When choosing a tool to support social media, it’s less important to consider its functionality in isolation. Instead, it’s far more important to consider the characteristics of the tool that will make it become an important part of each individual’s daily life.
I’ll start by looking at the characteristics of successful, consumer-facing social media tools, such as Twitter, LinkedIn and Facebook.
This will provide a key set of characteristics against which other, more corporate, tools can be measured.
When people started to use Twitter, Facebook et al on their mobile devices that increased usage tremendously.
Any social media platform must be able to operate where people are, whether at their desks, at their kitchen table, waiting for a bus, or in the queue at the bank.
People use social media tools in the brief moments of time when they can’t do anything else. They are generally unwilling to use them for purely “social” (ie. Around the water cooler) reasons during “work times”. This is particularly true when there is already a group of people around to talk to. It’s less true of remote workers who find that social tools reduce the isolation of working alone.
This means that a corporate social media tool must have a mobile interface. Ideally a native app (for speed), but if this isn’t possible, then at least a mobile browser compatible interface.
Different social tools will have different but overlapping audiences.
Sometimes, a post, message, question or status update will only be applicable to a particular audience (eg. A message about a potential client to work colleagues).
More often, though, people are sharing ideas, questions and links that are relevant to multiple audiences.
Having to post the same message to more than one system is the fastest way to stifle usage, as people will quickly choose which is the most valuable network to build. (See: Twitter and LinkedIn fallout breaks your automation)
Ideally, any work-related social network should therefore be able to, at least, receive messages from external networks such as Twitter and LinkedIn.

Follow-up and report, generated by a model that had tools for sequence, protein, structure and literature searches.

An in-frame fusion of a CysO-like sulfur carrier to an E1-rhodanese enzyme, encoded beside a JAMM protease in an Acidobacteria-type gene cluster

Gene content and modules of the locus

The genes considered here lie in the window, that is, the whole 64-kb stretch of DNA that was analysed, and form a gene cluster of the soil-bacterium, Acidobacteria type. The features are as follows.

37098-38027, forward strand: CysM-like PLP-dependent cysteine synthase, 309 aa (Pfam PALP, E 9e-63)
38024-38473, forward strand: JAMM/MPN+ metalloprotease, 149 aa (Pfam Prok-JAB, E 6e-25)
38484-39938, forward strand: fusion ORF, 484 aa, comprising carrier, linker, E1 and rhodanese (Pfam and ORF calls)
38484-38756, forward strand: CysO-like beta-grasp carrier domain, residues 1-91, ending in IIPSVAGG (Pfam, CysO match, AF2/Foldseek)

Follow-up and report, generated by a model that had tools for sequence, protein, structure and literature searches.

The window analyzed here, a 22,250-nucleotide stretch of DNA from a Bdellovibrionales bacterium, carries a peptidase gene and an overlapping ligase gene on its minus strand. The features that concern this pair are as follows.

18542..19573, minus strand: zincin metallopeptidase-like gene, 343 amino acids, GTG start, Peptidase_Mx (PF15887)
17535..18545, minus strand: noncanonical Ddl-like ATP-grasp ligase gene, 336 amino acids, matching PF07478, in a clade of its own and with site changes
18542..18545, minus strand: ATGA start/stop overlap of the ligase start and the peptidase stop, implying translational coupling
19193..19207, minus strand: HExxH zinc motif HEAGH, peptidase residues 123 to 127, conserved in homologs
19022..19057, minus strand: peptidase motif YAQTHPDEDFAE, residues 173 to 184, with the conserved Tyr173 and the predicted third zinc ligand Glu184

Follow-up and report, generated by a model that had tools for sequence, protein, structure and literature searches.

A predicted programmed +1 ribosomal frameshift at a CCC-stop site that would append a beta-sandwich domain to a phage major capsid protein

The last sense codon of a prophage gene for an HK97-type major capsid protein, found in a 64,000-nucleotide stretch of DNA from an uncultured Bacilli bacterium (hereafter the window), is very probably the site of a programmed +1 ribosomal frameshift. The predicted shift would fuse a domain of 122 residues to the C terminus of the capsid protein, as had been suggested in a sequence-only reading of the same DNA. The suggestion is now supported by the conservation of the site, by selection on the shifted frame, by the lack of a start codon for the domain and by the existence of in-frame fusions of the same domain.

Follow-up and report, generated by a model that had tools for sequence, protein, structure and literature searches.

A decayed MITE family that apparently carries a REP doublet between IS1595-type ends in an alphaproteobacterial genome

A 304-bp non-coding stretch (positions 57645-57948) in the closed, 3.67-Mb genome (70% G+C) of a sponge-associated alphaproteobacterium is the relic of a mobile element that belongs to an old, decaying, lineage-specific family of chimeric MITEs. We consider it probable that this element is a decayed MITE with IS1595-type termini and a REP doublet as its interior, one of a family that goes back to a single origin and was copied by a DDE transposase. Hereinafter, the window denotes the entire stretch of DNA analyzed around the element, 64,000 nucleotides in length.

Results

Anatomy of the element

In this way, people with a large external network can continue to communicate there, whilst, at the same, time feeding the corporate network.
People who are content to simply work within the corporate network can do so, whilst also receiving the benefit of those with external networks.
Successful social media tools reduce the barriers to contribution as much as possible.
They allow site owners to place buttons which let you “like” or “tweet” about the site. They provide browser extensions so people can quickly, without breaking their flow, add something to their network.
They give you client applications which integrate with the operating system so that posting becomes as simple as sending an email.
It’s unlikely that a corporate social media tool will have the “reach” to integrate with external sites. But it should, at least, be able to integrate with your other tools, such as enterprise wikis or content management systems, and even with your primary business systems such as sales management or issue tracking. What that means, in practice, will depend on your context, but it may mean enabling people to quickly raise a question for their network about a client, or automatically updating a status when someone has opened an issue (or closed one!)
The one, essential, integration is with email. It should be possible to not only receive updates by email, but also make initial posts or replies through email too.
With an integrated system, you are more likely to see continued and growing usage, as the communication tool becomes integrated with the daily work.
There are any number of social systems that have been developed, released and then failed through lack of use.
Many have been so open and free that it becomes difficult to know quite how they should be used. (That’s true until they become part of the culture, such as Twitter, and therefore not requiring any explanation.) This is like putting a group of people with blindfolds into a large, empty hall without explaining why, or how to get the best out of the experience.
Systems, such as LinkedIn, get over this problem through an onboarding process, which gradually encourages users to add information and demonstrates good practice.
This can be achieved via internal communications that highlight key features and good practice, but the ideal is a combination of company-specific communications, and system-generated ones which encourage users at the point of using the software.
Posted: 26 July 2012